Rabies Awareness Month
June is Rabies Awareness Month and the Cascade City-County Health Department (CCHD) is reminding residents to take precautions against rabies this spring. Bats become active with the onset of warmer weather. Increased bat activity also means an increased possibility of rabies exposure for people and pets.
In 2015, a rabid bat was found in a Great Falls home. As a result, three unvaccinated cats were euthanized, two dogs were placed in 45-day quarantine and 3 people had to receive rabies post exposure shots. In Cascade County, a total of 47 people were recommended to receive rabies post-exposure shots in 2015.
Although bats are the main carrier of the rabies virus in Cascade County, rabies is usually transmitted through saliva from dog and cat bites or scratches. Bats are nocturnal creatures that can infect domestic dogs and cats without leaving an apparent bite or scratch mark.
Animals do not have to be aggressive or behaving erratically to have rabies. Changes in any animal’s normal behavior can be early signs of rabies. Bats that are on the ground, unable to fly, or active during the day are more likely than others to be rabid. Such bats are often easily approached but should never be handled. Current estimations state that less than 1% of bats have rabies. Bats are not to be feared, but it is important not to touch them.
Rabies prevention tips:
- Vaccinate your pets. Cascade County requires the vaccination of dogs and the City of Great Falls ordinances require that all cats, dogs, and ferrets over 6 months old be vaccinated against rabies. Cats and dogs are also required to have a City Registration. Currently there are not any USDA licensed vaccinations for hybrids (wolf-hybrids, Savannah cats, etc.)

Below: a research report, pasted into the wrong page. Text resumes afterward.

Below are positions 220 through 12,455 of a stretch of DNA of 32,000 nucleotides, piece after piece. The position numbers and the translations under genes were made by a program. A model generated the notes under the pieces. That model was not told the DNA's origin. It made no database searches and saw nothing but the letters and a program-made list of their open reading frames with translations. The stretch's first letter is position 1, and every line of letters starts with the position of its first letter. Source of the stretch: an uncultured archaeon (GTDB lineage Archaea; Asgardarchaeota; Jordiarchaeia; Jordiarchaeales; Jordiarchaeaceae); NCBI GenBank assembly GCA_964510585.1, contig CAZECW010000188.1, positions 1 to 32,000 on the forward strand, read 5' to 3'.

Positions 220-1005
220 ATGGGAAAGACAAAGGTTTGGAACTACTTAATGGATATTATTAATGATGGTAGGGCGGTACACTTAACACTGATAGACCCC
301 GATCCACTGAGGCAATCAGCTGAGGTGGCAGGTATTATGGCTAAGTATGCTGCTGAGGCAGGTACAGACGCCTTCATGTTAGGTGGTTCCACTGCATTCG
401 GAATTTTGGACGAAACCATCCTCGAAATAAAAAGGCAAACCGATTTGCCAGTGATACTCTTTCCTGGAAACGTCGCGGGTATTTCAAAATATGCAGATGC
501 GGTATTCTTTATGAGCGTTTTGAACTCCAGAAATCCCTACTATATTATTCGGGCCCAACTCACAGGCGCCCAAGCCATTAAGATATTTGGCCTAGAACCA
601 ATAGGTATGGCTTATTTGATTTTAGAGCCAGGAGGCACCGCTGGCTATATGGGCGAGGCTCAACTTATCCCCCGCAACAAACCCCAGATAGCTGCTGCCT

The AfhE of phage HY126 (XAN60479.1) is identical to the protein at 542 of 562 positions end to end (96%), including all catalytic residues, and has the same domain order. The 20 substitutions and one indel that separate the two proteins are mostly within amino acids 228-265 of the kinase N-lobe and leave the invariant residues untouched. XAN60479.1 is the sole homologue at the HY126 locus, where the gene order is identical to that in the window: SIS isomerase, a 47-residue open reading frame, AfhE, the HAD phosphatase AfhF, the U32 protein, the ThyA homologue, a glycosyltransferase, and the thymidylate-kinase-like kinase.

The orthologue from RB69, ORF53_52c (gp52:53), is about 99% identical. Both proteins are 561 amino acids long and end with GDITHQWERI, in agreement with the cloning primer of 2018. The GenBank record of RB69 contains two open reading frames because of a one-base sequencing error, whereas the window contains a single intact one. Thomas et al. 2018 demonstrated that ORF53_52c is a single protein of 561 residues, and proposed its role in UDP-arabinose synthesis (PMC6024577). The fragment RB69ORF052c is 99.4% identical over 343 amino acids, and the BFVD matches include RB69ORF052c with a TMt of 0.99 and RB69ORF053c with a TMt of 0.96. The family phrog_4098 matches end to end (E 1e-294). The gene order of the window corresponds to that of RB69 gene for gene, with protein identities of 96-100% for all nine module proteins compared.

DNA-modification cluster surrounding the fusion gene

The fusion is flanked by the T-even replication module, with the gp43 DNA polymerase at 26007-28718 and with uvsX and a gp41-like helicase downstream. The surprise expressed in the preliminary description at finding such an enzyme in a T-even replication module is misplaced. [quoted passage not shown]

- Never handle unfamiliar animals, wild or domestic, even if they appear friendly. Teach children never to touch wild animals or handle bats, including dead ones. Encourage children to tell an adult if they see or find a bat.
- Seek immediate veterinary assistance for your pet if your pet is bitten by a wild animal or exposed to a bat.
- Bat-proof your home. Put screens on all windows, doors and chimneys to prevent bats from entering. You can prevent bats from roosting in attics or buildings by covering outside entry points, loosely hanging clear plastic sheeting or bird netting over these areas. Bats crawl out and leave, but cannot re-enter. To avoid trapping any young bats who will die or try to make their way into your rooms, seal the openings permanently after August or in the fall after bats have left for the season.
- Report all potential exposures (bites/scratches) to a health care provider and CCHD. Prompt and appropriate treatment after being bitten is crucial to prevent the disease in humans.